As our cell phone calls fade in and out, we automatically tilt our heads or walk to new a location. We guess what callers are saying when RF signal impairments garble or momentarily block out their voices. We accept that the availability and reliability of the signal changes not only day by day, but also moment by moment. For us, as humans, that works. We’re mobile and our brains are good at interpolating missing data. Meters and thermostats, however, are both fixed in place and limited to machine rather than human intelligence. Unfortunately, these fixed devices have no practical way of dealing with RF fading and RF interference issues.
Consumer RF technologies such as ZigBee and Zensys acknowledge that they can’t provide universal point-to-point coverage and offer some form of repeating (meshing) to overcome this limitation. While this may be a viable approach for consumers looking to create high-end home automation systems, in a meter-to-thermostat or meter-to-display application, it represents an unknown and ongoing expense stream of service calls and new repeaters to maintain reliable communication as conditions change over the years of system operation.
Home systems will evolve
While the advanced metering market is young, the home control market is in its infancy. The intersection of these two evolving marketplaces has the potential to create a wide range of new applications that bring value to both consumers and utilities. While we cannot with certainty describe all of the applications that will emerge over the next 20 years, we can state with certainty that many technologies will be used. RF plays an important – and essential – role in reaching certain in-home devices.
For a thermostat, it represents the lowestcost retrofit installation option. For other energy-consuming devices such as white goods, furnaces, and electric water heaters, power line communications is a more practical solution than RF since most white goods, which are already connected to the power line, are surrounded by metal, making them a natural cage for trapping RF signals.
The meter may remain unchanged for 20 years, but the in-home products around it will not. Thus, a utility’s investment decisions must not prevent a consumer from taking advantage of these new products. And, conversely, a consumer’s decision to buy a new in-home product must not invalidate a utility’s infrastructure investment. There must be a flexible coupling between the two, allowing each to evolve at its own pace and serve its complete product life.
Building a utility-grade in-home connection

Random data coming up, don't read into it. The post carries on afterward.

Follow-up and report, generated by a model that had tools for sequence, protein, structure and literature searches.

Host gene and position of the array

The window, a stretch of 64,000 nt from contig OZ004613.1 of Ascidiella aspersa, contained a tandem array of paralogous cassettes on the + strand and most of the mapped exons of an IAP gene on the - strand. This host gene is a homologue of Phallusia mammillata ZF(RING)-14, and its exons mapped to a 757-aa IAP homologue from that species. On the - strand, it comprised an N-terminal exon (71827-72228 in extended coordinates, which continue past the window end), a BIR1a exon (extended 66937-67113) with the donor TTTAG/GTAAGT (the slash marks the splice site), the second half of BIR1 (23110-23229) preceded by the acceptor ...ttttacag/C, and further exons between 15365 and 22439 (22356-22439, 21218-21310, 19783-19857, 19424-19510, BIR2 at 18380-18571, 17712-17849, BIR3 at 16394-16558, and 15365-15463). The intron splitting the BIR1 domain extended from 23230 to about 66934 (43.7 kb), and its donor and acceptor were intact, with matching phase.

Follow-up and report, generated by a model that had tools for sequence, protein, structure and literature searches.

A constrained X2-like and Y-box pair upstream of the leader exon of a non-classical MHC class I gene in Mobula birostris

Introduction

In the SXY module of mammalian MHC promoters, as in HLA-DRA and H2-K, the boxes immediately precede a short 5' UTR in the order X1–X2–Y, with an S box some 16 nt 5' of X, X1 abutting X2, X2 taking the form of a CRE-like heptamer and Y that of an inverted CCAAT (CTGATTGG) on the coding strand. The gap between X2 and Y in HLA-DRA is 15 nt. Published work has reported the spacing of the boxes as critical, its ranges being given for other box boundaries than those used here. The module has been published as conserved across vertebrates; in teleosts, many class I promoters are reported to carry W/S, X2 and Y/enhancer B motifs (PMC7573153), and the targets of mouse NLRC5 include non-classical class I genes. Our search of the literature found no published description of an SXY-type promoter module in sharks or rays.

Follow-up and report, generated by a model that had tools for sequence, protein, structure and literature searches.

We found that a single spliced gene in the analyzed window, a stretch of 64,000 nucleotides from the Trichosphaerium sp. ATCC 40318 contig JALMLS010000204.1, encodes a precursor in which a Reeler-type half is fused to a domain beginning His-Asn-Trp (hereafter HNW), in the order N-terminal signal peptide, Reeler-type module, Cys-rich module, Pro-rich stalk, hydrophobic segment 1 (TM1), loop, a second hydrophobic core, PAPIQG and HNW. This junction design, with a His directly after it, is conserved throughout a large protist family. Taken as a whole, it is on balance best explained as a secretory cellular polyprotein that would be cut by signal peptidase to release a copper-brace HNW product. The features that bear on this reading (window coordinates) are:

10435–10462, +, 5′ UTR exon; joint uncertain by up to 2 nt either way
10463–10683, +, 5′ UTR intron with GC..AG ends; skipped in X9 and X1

The meter-to-home connection must be longlived, low-cost to install and maintain, and accommodate technological changes inside the home. The best way to achieve these goals is to separate the portion of the solution that is subject to rapid technology change and obsolescence – the consumer grade RF – into a simple, inexpensive home gateway that communicates through a defined interface to that portion of the solution that must be long lived – the meter. This increases system life as well as decreases system installation and maintenance costs by introducing mobility into what would otherwise be a fixed RF network.
A meter with power line communications technology can use this communications channel not only to communicate up into the utility infrastructure but also down into the home. For example, the ANSI/CEA 709 standard, which has decades of proven operating history, can support not only millions of meters in metering applications but can also reach every device in a typical home without needing repeaters.
As such, it represents an ideal no-new-wires backbone for connecting a meter to a lightweight RF gateway: The consumer can easily plug into a suitable outlet to provide reliable RF connectivity to a thermostat. As RF technology evolves, new gateways could simply be plugged into the power line backbone without requiring service visits. Isolating the metering infrastructure through a well-built interface preserves the benefits of RF connectivity to in-home devices, such as thermostats, and avoids the high service costs and rapid churn of the installed metering infrastructure implicit in a monolithic implementation, benefiting both utilities and consumers.
This cost-effective approach offers utilities a more secure, reliable, and flexible advanced metering solution, and gives them the most flexibility in the everchanging home automation market.